Tag Archives: cat weatherill

Tell Me On A Sunday: Strange Encounters @ Ikon Gallery

Tell me on a Sunday is a series of storytelling events held at the Ikon Gallery, where selected tellers go up on stage and tell their anecdotes relating to a set theme. Before the event commenced there was a chance to socialise with other audience members, in the gallery’s cafe that serves tea, coffee and soft drinks and even muffins.This week’s Tell Me on a Sunday was based around the theme of ‘Strange Encounters’.

The dim-lit, small and social audience make the sharing of stories an intimate event. It is hosted by Cat Weatherill, one of Europe’s tell-meleading performance storytellers who set the theme after being inspired by Valentine’s Day. She responded well to each seven-minute performance, drawing us in and out of each teller’s life. Some of the storytellers told their story in a very conversational way, using hand movements to express themselves, which further added to their performance. The comedienne Naomi Paul, however, crafted her story with a performance perfect structure instead of a conversational anecdote. Her story provided a neat beginning, middle and end.

The stories range from humorous to tragic and ‘all with truth at their heart’. This just goes to show how far the theme can be interpreted. One story, by a retired teacher-turned-writer touched us all as he told us how his failed attempt at resuscitating a person has had a lasting effect on his life. Furthermore, the idea of not knowing the young man’s name still stays with him today.

Journalist William Gallagher enticed us to his story with his love of Sci-fi; he made us believe that he had actually witnessed, in his own blogfest picwords, a ‘shiny glowing disc’. Not only a shiny glowing disc, but that a woman was abducted by aliens. This ended with the humorous realisation that the woman possessed the car keys.

Through the variety of funny and emotional stories, we were able to relate to some aspect of the tellers’ experience. What I really loved about the event is that it goes back to the oral tradition of storytelling, where the teller is not restricted by the barrier of pen and paper, allowing the teller’s story to flow and touch us in an authentic way.

By Malia Choudhury

The next Tell Me On A Sunday is at the Ikon Gallery Cafe on Sunday 17th March. To reserve call the Ikon Gallery (0121 248 0708). The facebook event is: https://www.facebook.com/events/150196501798295/

Tell Me On A Sunday @ Birmingham Book Festival

The beloved storytelling event Tell Me on a Sunday returned for one special evening, as part of the fourteenth annual Birmingham Book Festival. Relocating from its usual abode, Café Ikon, the event catered for a larger audience on the second floor gallery, currently host to the Arefin & Arefin exhibition. Presented by the enigmatic Cat Weatherill – story-telling extraordinaire and Tell Me on a Sunday facilitator – the dimly-lit, cabaret-esque room captured the audience’s imagination before the seven storytellers even took to the stage.

The night kicked off with a performance from the national storytelling laureate, Katrice Horsley. A feisty and engaging performer, Horsley told the story of her relationship with her Uncle, maintaining a gentle balance of humour and sentiment throughout. Exploring a variety of issues, from the speech impediment she suffered as a child, to her belief in magic and fairies, Horsley created a believable and surprisingly relatable world for her adult listeners.

The next storyteller was the lovely, and slightly gawky, Tom Philips. He presented a narrative of ‘firsts’ – first time on an aeroplane, first time in America – as he went to work at Camp America, aged eighteen. The tale began fairly light-hearted, as he recalled the funny incident where he rescued a young child who was sitting on the front porch, happily sharing his sweets with a black bear. Reminiscent of a coming-of-age film, Tom told us about how his plan to travel across the USA, ending in New York, was thwarted when his friend opted for a female companion instead. Visiting New York at a different time and returning to England earlier than he had planned, Tom recounted sitting watching television with his Dad when news of the 9/11 tragedy appeared on screen. If Tom had kept to his original plans, he would have been in Manhattan that day.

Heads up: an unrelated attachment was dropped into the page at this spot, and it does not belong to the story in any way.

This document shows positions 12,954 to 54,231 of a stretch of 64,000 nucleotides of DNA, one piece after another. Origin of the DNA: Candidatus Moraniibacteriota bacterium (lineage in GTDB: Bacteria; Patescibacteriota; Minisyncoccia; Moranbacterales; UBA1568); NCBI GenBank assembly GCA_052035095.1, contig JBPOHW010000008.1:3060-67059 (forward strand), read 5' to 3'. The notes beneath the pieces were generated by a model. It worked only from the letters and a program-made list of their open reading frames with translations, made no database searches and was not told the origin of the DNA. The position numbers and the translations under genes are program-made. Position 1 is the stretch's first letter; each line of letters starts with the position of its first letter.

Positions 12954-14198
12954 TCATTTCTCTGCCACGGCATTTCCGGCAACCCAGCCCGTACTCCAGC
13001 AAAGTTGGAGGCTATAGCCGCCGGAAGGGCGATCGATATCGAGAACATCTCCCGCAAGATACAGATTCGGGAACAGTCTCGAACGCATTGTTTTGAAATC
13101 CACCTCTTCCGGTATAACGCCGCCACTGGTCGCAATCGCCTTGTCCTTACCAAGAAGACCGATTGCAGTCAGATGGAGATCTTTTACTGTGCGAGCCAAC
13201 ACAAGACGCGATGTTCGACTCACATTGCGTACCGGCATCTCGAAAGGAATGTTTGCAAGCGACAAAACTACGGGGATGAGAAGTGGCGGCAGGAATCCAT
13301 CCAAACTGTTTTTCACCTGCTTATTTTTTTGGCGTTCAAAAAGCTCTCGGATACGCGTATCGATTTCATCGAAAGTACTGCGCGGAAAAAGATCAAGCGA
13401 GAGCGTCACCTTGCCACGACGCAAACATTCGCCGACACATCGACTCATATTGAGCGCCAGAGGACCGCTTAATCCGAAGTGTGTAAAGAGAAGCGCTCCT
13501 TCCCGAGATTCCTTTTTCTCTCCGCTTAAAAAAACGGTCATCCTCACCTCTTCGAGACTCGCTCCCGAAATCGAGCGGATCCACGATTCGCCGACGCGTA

South-African born, Tell Me on a Sunday regular, Gavin Jones graced the stage next. He took the audience back sixteen years, as he told a story of family rejection and what it was like when he first moved to England and, eventually, Birmingham. Funny and tragic in one breath, the audience were visibly moved. Jones was succeeded by three more storytellers, Gorg Chand, Jane Campion and Natalie Cooke, who continued to enchant the listeners. Each story was different in tone and content but the high quality never faltered.

Although storytelling is an art form, and therefore a rehearsed and crafted genre, the performances were effortless and held the illusion of spontaneity. In each seven minute segment, the audience were transported to a small part of the teller’s life – to laugh, cry and share in lessons learnt. It was a humbling occasion that, though riddled with the potential for cliché, avoided it entirely.

 

Tell me on a Sunday: Season Two will return to Café Ikon on January 27th.

For a full list of Bham Book Fest events: http://www.birminghambookfestival.org/events-2012/full-festival-programme/

 

Elisha Owen
@ElishaOwen11

Tell Me on a Sunday (Part II)

With the wonderful weather this weekend, it seemed a shame to stay indoors and contemplate the prospect of an Easter holiday filled with exam stress. Thinking that one day off couldn’t possibly hurt, I headed into the city to a sun-glazed Brindley Place for  this month’s edition of Birmingham Book Festival’s Tell me on a Sunday. Storytellers and listeners alike were welcomed into the bright, airy cafe of the IKON Gallery to cluster round small tables complete with tea-lights and orange flowers, all enjoying a late lunch or afternoon tipple. This month’s story theme was ‘Hope and Glory’.

Cat Weatherill’s spirited introduction captured the room as the lighting dimmed to create an intriguingly intimate atmosphere. Beginning with her own story, Cat told of the money troubles she faced during the early years of her marriage and how she was inspired to apply for the TV game show Wheel of Fortune. In a captivating telling, Cat relived the suspense, excitement and enthralling hope that the chance of winning the show’s cash prize gave her. Even through to the final moments she kept the audience in the dark, not revealing til the last moment that she was to succeed in winning. Cat held the room in complete focus throughout her story, displaying the power of hope and how that hope transpired to the glory of her much needed victory.

Next to the stage was Gavin Young to tell of the racial inequality he witnessed as a child in his native South Africa. Without pretence, he described the harrowing nature of segregation, outlining in small memories how the prejudices faced by black people entered his consciousness. Movingly, he remembered the confusion he felt by the divisions society insisted on creating between him and his childhood friend. Finally, he gave an impression of the changes that have taken place since his youth, outlining a vision of hope brought about by changing opinions and a gradual regression of racial prejudice.